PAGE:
A portfolio manager is responsible for investing a fund's assets, overseeing investment strategy and carrying-out day-to-day trading. A portfolio manager manages mutual funds and other investment funds, such as hedge or venture funds.  He or she is usually an experienced investor, broker, fund manager, or trader with general industry knowledge and a track record of results.  Portfolio managers often have a specific investment approach, such as a focus on active or passive investments. Read more

Prospectus

A prospectus is a legal document filed with the Securities Exchange Commission (SEC) to accompany securities or investment offerings for sale.Containing key facts and information about the offering, a prospectus makes investors more aware of the risks of an investment.  A prospectus also protects the company from claims that it didn’t disclose enough information about itself or the securities in question. Read more

QQQQ

QQQQ was the ticker for the Nasdaq 100 Index Trust ETF (it is now QQQ). The Nasdaq 100 Index is composed of the 100 largest stocks (based on market capitalization) traded on the Nasdaq. Read more

Quant Fund

A quant fund is typically a mutual fund that picks investments based solely on mathematical analysis. For example, let's say John Doe runs the XYZ Fund. Read more

Sales Charge

Also called commission or a load, a sales charge is a fee paid to purchase or sell a specific investment.It is expressed as a percentage of the amount invested. Read more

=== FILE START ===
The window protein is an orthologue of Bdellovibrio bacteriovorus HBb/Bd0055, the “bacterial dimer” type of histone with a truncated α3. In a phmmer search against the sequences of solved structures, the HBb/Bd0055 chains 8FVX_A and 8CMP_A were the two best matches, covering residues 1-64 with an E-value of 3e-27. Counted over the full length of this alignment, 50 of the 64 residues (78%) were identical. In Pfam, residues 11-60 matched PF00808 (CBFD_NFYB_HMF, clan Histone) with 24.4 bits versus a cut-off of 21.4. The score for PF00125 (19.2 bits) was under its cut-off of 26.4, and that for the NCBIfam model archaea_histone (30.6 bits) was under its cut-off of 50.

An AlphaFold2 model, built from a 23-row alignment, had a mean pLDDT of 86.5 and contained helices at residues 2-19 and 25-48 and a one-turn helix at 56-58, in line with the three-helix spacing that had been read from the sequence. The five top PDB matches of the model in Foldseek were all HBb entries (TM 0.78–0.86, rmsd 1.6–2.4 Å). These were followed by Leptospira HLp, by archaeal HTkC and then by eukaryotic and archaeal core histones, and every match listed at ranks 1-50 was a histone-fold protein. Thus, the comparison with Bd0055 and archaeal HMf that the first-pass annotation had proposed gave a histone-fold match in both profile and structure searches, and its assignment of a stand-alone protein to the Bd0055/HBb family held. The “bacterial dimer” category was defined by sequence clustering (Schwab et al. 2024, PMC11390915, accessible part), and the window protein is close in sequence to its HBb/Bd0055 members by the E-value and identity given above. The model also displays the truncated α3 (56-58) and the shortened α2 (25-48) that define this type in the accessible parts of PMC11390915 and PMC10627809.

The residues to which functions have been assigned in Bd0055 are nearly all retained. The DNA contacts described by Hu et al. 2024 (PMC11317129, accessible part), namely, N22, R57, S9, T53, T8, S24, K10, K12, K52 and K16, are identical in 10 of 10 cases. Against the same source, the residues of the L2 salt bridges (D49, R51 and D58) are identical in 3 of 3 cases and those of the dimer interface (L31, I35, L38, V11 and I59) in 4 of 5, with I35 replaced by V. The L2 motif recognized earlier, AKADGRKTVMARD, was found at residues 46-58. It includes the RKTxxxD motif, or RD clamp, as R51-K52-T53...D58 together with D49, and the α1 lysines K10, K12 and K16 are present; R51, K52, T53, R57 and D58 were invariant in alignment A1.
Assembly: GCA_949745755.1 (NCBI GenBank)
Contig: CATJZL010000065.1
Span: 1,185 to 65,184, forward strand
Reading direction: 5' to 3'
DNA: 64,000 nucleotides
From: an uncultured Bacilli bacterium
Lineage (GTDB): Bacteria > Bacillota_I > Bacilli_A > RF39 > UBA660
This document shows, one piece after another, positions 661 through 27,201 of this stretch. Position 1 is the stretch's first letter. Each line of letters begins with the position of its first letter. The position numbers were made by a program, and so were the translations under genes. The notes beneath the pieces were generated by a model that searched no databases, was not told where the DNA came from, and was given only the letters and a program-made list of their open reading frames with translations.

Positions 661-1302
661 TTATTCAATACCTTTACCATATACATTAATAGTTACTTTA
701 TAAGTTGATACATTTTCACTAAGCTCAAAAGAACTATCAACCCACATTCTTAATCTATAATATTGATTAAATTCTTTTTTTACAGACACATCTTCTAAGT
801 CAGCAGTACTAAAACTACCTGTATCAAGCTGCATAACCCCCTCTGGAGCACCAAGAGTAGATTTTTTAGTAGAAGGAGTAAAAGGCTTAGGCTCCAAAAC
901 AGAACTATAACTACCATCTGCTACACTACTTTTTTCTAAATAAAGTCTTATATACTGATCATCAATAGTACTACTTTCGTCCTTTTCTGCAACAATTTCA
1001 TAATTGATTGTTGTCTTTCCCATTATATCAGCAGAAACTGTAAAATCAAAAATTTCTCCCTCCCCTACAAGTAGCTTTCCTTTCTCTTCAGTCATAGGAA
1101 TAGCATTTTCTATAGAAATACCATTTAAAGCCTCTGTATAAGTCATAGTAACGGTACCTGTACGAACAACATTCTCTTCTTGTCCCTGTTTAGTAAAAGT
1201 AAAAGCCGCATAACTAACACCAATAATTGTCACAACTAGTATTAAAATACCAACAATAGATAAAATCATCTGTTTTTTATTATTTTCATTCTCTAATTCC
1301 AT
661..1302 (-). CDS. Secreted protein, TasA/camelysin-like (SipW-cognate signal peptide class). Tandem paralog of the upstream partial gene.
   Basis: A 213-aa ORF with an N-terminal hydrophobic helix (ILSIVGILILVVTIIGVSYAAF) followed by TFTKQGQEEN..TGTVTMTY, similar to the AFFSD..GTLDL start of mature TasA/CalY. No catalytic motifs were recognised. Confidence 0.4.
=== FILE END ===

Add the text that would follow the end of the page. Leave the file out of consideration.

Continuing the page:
Spider (SPDR)

A spider (SPDR) is an exchange-traded fund (ETF) that tracks the Standard & Poor's 500 Index.SPDR stands for S&P Depository Receipts. Read more

Stratified Sampling Approach

A stratified sampling approach is an indexing strategy whereby a fund manager divides an index into different "cells" that represent different characteristics of the index.The fund manager then chooses investments that mimic those cells. Read more

Target Date Funds

Target date funds are mutual funds designed to target the date of an investor’s goal, such as retirement or college education funding.The strategy of the fund will focus on capital appreciation at the beginning of the cycle and capital preservation as the target date approaches. Read more

Tax-Efficient Fund

A tax-efficient fund is a mutual fund or ETF that minimizes the fundholder's tax bill in some way. For example, let's say John is in a high tax bracket. Read more

Tracking Error

Tracking error is the difference between a portfolio's returns and the benchmark or index it was meant to mimic or beat.Tracking error is sometimes called active risk. Read more

Unit Investment Trust (UIT)

A unit investment trust is a type of investment fund comprising a fixed portfolio of securities that is sold in units to potential investors similar to a mutual fund. Also called unit trusts or fixed trusts, unit investment trusts are made up of a portfolio whose security assets are fixed and remain unchanged throughout the life of the trust. Read more

Water ETF

A water ETF is an exchange-traded fund that invests in water-related companies. An exchange-traded fund (ETF) allow investors to purchase a basket of securities in a single transaction. Read more

X

X is an extension to a ticker symbol.It denotes that the security is a mutual fund. Read more

Y Shares

Also called institutional shares, Y shares are mutual fund shares that are available for sale only to institutions.  For example, let's say that the XYZ Mutual Fund invests in a variety of defensive stocks. Read more

Yield Tilt Index Fund

A yield tilt index fund is a mutual fund that mirrors a specific stock index but gives extra weight to stocks within the index that offer high dividend yields. Let's assume the XYZ mutual fund is a yield tilt index fund. Read more

Z-share

Z-shares are shares of mutual funds for the employees of those mutual funds. For example, let's say John Doe works in the human resources department of the XYZ Fund Co. Read more